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Tuesday, August 24, 2010

An update

Farley continues to do very well.

  • As of yesterday she has finally stopped sulking about the lack of alfalfa in the mornings, so naturally I have now removed her other pride and joy from her diet - Stable Mix. She'll get it before and at rides, but not on a regular basis. I don't think it was a problem, but it will remove one more variable.

  • Unbeknownst to her, her remaining pride and joy, physillium (she LOVES it) finishes its course tomorrow, and that too will go away. What an unhappy pony she will be! (and hopefully a sand free one!)

  • I rode her, at a walk, per vet instructions, yesterday. It went well. I hopped on bareback and warmed up on a loose rein for 5 minutes, did long and low and encouraging stretch for 10 minutes, and then loose rein for another 5 minutes. She'll continue to do 20-30 minutes walking either bareback or hand walking until the recheck next week.

I know Farley very well. I know her body like the back of my hand. I can close my eyes and know exactly what she's thinking. I trust her to bring me safely out of the darkness on little, ridiculously narrow trails and can pick her particular nicker or whinny out of a whole ridecamp of screaming horses. In short, I know this horse as only thousands miles can let you know a horse.


As I take over her primary care, I'm learning even MORE about her, and that in itself is worth the time and $$ sacrifice for doing it.

  • She drinks 4x as much water during the day, than the night.

  • When fed grass freechoice, she will eat 25-27 pounds a day. She prefers to eat in the hours of 9pm-4am, and 9am-3pm.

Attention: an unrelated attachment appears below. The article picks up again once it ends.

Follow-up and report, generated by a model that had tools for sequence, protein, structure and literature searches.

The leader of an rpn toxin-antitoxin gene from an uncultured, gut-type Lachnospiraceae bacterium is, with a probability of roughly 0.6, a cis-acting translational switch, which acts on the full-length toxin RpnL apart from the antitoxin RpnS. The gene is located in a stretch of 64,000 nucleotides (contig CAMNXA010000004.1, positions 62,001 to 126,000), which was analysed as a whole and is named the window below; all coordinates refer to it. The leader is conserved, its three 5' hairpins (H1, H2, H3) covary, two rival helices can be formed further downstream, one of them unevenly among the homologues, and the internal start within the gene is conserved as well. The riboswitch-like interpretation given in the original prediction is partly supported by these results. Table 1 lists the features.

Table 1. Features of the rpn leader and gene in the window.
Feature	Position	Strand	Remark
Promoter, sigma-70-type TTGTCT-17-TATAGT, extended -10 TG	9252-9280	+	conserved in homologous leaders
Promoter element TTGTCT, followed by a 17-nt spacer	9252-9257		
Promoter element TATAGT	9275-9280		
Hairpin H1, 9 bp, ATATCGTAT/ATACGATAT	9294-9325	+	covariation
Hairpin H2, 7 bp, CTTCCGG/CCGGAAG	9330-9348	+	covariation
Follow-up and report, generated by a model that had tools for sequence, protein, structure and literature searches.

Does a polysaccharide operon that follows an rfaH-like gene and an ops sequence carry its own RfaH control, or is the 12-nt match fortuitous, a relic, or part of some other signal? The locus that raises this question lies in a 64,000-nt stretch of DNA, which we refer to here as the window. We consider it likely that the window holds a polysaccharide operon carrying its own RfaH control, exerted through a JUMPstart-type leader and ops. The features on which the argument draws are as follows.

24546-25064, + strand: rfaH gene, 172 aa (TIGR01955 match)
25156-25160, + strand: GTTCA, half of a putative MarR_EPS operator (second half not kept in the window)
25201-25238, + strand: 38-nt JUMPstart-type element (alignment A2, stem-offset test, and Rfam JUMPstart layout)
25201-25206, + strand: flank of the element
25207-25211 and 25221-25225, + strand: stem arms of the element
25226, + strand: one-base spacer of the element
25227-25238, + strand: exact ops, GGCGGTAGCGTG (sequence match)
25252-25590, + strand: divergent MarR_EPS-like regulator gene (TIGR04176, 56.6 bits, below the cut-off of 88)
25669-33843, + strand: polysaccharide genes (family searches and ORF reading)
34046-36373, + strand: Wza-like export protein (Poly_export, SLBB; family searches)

• She will pretend to look at the rinsed beetpulp with distain, but it will be gone the next time I check.

  • There will be 7 piles of poop in the morning, and even more in the evening.

I'm noticing changes already resulting from the free choice feeding - she's less frantic about getting to grass, more relaxed, and not looking for bites to eat all the time. She seems less stressed. There's added benefits for me as well. I can ride anytime I want, whether it's early in the morning, or at 4pm in the winter (I had a hard time riding in the winter because feeding time was 4:30 and by the time that was done, it was too dark to go out on the canals).

Edited - forgot to delete the second part of this post when I decided to split it!


  1. What a sweet post. I love the way so many of us have especially warm and fuzzy feelings for our horses right now.

  2. I'm with you, Mel. What is an "ideal" endurance horse, anyhow? One that always finishes? One that always top-tens? One that is capable of 10 years of competition? And yet, even a horse that is "bred for the sport" is capable of finding a career-ending gopher hole...

    I say: enjoy the horse that God gave you, and learn what Farley has to teach. When it's time to get another horse, that horse may have something entirely different for you to learn.

    Glorious, ain't it?


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